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The Crusade Against Sex Trafficking | The Nation

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The Crusade Against Sex Trafficking

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Ping Pong is frowning, her formidable charm dampened by memory. The sex worker is mulling over IJM's work in Thailand. As a health and legal-services advocate with the sex-worker organization Empower, she's seen the aftereffects firsthand.

The second part of Noy Thrupkaew's report appears in the October 26 issue. The November 16 issue features a letters exchange about these articles.

About the Author

Noy Thrupkaew
Noy Thrupkaew is a freelance writer based in New York City.

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The campaign against forced prostitution works when it addresses victims' needs.

"Oh, yes, there were problems," she says at last. "The deportation--and back to Burma! They were desperate to leave in the first place. The long detention. The girls running away. And the way they treated other NGOs, just expecting them to clean up the mess afterward. Even the other anti-trafficking groups couldn't get along with them."

We are meeting in Empower's Chiang Mai offices, perched over the Can-Do Bar, an "experitainment" venue cooperatively owned by sex workers and managed in compliance with Thai labor laws. The bar is a cavernous space--front patio, full bar, pool table, fairy lights and two poles for dancing.

IJM set up its Chiang Mai office in 2000, intent on tackling the northern city's trafficking and child-prostitution problems. Located near the Burmese border, Chiang Mai serves as the gateway to uncertain refuge for Burmese and ethnic Shan migrants seeking escape from a despotic regime, or fleeing the rape and plunder of a Burmese military determined to eradicate a Shan insurgency through the cruelest means possible. Thailand has thrived on the underground labor of these migrants, who often work the construction sites, wash the laundry and sell sex--largely without benefit of documentation or legal protections.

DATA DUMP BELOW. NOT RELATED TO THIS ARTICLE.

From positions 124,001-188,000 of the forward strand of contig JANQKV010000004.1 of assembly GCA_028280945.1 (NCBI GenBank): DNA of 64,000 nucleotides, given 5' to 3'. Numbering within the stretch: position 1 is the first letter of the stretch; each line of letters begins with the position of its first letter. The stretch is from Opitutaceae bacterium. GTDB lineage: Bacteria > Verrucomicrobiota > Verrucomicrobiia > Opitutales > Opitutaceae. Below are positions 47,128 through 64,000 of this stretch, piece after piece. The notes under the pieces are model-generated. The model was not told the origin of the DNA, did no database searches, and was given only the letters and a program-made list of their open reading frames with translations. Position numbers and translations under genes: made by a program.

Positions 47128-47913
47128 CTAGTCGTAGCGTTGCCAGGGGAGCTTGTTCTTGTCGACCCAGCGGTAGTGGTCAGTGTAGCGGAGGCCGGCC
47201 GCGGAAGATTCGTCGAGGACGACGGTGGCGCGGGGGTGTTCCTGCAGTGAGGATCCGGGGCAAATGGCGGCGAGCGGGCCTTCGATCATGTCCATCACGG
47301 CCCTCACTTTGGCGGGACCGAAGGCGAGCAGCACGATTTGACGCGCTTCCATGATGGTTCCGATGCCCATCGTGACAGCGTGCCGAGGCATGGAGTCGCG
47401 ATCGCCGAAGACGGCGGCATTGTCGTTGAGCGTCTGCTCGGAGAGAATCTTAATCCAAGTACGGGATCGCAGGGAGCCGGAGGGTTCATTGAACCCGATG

The group's early raids soon resulted in IJM being branded vigilante "cowboys" and "cops for Christ" by other humanitarian workers. The organization even busted the same brothel twice, in 2000 and 2003, each time calling local NGOs in a panic afterward to ask for translation help--no one had realized the frightened women and girls were Burmese and Shan.

In accordance with Thai laws, older, voluntary prostitutes caught in IJM raids were deported to the border, while younger ones, automatically defined as trafficking victims on the basis of their age, were moved to government rehabilitation centers, where they were often required to stay for months or years, waiting to testify in court and be repatriated directly to their families. As Thai law did not grant trafficking victims temporary legal documents at the time of IJM operations in country, the girls were not allowed to leave the shelter grounds. (The new law, passed last year, allows for the possibility of temporary residence for foreign trafficking victims, but it remains to be seen if this provision will be implemented.)

Rather than face a potentially long period of detention, some rescuees took matters into their own hands, knotting sheets together to escape shelters--one was hospitalized with back injuries when she fell during an escape attempt.